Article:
Data-Driven Results Influence Federal Budget Cuts

As agencies are forced to do more with less, they'll need a clear vision, the right tools and an eye toward innovating, says former GAO leader and Deloitte director.

Elena Malykhina, Technology Journalist

July 31, 2013

3 Min Read

5 Helpful Online Services From Uncle Sam

5 Helpful Online Services From Uncle Sam

5 Helpful Online Services From Uncle Sam (click image for larger view)

Sequestration has hit the federal government hard. Deep across-the-board cuts, once thought to be a looming threat, are increasingly expected to impact federal programs through 2021. For agency program leaders and IT executives who support them, finding a silver lining in the nearer-term outlook is especially challenging with spending cuts estimated to grow from $85 billion to $109 billion between fiscal years 2013 and 2014.

But positive outcomes are possible as long as agencies have a clear vision and the right frameworks, and take advantage of technology and other tools, said a former chief operations officer of the U.S. General Accounting Office (GAO) who now works for Deloitte Services.

"As we move from fiscal year 2013 to 2014, spending will be at an all-time low. This could impact competitiveness and innovation. However, there's also an opportunity for the government to become more efficient and to do things differently," said Ira Goldstein, director of Deloitte Services, during a July 30 webcast that focused on how recent legislation is forcing the government to do more with less.

[ Government data portal redesign underwhelms. Read more: Gets Updated: A Closer Look. ]

Among the tools he suggested agencies will need to capitalize on more effectively are a combination of data analysis, technology and innovation, people and leadership.

The American Taxpayer Relief Act of 2012 and Budget Control Act of 2011 have triggered automatic spending cuts that are projected to total $1.2 trillion over a nine-year period. Across-the-board decreases, starting in fiscal year 2013 and ending in 2021, include $550 billion in defense cuts, $510 billion in non-defense cuts, $560 billion in Medicare cuts, and $95 billion in other mandatory spending cuts.

Goldstein said agencies must focus on strategies that can be supported by evidence and available information. Technologies that can pull together and analyze existing data streams will be critical in bringing focus to agencies, he added.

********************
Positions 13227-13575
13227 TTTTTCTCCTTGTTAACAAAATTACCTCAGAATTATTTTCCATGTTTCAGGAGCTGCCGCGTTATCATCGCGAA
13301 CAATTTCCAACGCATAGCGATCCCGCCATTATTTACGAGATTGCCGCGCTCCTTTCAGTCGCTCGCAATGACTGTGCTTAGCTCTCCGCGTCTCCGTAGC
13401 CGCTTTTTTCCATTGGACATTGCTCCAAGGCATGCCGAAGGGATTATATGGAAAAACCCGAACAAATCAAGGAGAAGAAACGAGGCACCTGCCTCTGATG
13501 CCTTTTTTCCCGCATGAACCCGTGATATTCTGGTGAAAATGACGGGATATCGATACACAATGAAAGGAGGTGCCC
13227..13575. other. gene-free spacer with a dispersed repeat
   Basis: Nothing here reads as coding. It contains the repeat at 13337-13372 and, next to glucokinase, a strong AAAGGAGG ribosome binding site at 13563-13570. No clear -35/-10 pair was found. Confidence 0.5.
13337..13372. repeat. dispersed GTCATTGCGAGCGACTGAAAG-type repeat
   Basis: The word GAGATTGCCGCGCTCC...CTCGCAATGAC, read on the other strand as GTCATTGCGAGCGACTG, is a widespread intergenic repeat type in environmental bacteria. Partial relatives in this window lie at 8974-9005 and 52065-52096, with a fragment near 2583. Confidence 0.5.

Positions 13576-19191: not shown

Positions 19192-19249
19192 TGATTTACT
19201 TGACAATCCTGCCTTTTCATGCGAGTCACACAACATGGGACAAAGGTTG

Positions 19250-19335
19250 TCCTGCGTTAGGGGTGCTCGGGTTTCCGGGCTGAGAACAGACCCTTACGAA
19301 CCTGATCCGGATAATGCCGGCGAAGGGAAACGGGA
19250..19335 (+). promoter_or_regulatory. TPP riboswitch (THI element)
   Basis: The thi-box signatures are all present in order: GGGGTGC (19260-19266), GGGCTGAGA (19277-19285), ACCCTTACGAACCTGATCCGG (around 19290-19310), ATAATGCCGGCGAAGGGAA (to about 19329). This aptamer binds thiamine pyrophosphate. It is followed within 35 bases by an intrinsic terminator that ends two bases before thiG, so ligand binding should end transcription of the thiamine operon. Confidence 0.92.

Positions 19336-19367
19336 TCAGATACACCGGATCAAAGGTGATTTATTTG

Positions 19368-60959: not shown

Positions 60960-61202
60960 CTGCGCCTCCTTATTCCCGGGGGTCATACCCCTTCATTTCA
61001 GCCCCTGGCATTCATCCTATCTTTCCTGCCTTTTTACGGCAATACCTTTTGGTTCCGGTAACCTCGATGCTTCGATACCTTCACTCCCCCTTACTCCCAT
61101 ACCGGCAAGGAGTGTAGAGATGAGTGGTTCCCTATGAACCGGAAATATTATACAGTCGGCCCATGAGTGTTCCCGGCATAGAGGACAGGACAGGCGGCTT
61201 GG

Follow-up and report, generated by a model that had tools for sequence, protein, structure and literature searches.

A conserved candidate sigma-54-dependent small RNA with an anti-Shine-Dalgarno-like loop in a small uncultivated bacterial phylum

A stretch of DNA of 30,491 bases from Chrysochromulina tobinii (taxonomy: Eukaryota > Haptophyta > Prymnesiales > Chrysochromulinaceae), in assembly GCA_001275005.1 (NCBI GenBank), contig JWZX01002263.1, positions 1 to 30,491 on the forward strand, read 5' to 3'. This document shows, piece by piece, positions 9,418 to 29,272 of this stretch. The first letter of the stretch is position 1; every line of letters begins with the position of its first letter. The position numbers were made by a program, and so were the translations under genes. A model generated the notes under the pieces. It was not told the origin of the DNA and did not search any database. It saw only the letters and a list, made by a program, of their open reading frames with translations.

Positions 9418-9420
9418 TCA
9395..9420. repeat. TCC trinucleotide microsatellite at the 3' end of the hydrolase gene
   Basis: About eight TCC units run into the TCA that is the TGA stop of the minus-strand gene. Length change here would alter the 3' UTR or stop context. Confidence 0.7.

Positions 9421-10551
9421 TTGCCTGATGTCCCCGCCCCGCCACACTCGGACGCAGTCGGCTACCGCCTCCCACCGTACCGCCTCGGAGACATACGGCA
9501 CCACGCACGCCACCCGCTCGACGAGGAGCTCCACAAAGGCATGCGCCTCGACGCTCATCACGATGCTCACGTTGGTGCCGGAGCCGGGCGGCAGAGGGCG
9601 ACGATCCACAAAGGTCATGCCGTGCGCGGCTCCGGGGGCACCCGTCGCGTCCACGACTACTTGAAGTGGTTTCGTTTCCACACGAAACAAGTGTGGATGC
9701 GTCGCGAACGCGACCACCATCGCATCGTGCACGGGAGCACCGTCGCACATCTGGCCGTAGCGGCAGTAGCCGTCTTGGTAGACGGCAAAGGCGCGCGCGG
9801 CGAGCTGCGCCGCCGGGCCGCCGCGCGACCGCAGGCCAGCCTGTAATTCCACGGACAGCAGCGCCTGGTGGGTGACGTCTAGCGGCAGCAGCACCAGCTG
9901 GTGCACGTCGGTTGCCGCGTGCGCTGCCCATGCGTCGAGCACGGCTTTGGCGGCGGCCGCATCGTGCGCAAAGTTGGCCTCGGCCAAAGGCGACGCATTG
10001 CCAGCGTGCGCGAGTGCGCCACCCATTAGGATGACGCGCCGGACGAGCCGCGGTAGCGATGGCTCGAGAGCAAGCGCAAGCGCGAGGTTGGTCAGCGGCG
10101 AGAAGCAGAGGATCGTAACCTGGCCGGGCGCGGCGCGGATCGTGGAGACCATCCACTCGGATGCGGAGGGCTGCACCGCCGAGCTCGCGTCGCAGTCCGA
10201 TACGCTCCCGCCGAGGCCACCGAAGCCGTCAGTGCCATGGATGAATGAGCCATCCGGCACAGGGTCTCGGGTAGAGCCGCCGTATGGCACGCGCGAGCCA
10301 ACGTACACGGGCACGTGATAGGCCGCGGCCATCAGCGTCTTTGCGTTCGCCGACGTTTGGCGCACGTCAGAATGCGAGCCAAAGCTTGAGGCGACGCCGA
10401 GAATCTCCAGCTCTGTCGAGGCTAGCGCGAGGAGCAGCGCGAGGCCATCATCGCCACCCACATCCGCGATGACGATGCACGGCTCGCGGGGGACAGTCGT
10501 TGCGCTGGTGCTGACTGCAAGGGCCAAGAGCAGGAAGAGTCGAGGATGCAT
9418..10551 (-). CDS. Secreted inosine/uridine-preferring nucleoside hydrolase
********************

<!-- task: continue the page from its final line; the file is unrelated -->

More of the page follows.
Legislation requires agencies to build strong accountability frameworks so that resources are spent on what's working, versus initiatives that aren't working, he said. That will put greater emphasis on using data collection and analysis tools that agencies can use to measure progress towards goals.

He cited the Virginia Performs scorecard as an example. It provides a performance leadership and accountability system that shows how the state is doing in various areas. Performance data should be used to refresh strategies in real time, he stressed.

That's more than a recommendation: The Office of Management and Budget (OMB) issued a memo on July 26 to heads of departments and agencies, offering guidance for 2015 budget submissions. The memo -- from Sylvia Burwell, OMB director, Cecilia Munoz, director of the Domestic Policy Council, John Holdren, director of the Office of Science and Technology Policy, and Alan Krueger, chairman of the Council of Economic Advisers -- urged agencies to use evidence about what works and innovation to improve government performance. A portion of the document focused specifically on harnessing data to improve results.

"We especially encourage proposals that use administrative data to track important outcome measures for federal grant programs," the joint memo stated.

How well is data being used is an important question agencies should be asking themselves, said Jitinder Kohli, director of Deloitte Consulting. "There is a desire to create data-driven results and make performance-based decisions," Kohli said. "The signs are there that agencies are feeling greater pressure than in the past."

About the Author(s)

Elena Malykhina

Technology Journalist

Elena Malykhina began her career at The Wall Street Journal, and her writing has appeared in various news media outlets, including Scientific American, Newsday, and the Associated Press. For several years, she was the online editor at Brandweek and later Adweek, where she followed the world of advertising. Having earned the nickname of "gadget girl," she is excited to be writing about technology again for InformationWeek, where she worked in the past as an associate editor covering the mobile and wireless space. She now writes about the federal government and NASA’s space missions on occasion.

Never Miss a Beat: Get a snapshot of the issues affecting the IT industry straight to your inbox.

You May Also Like

More Insights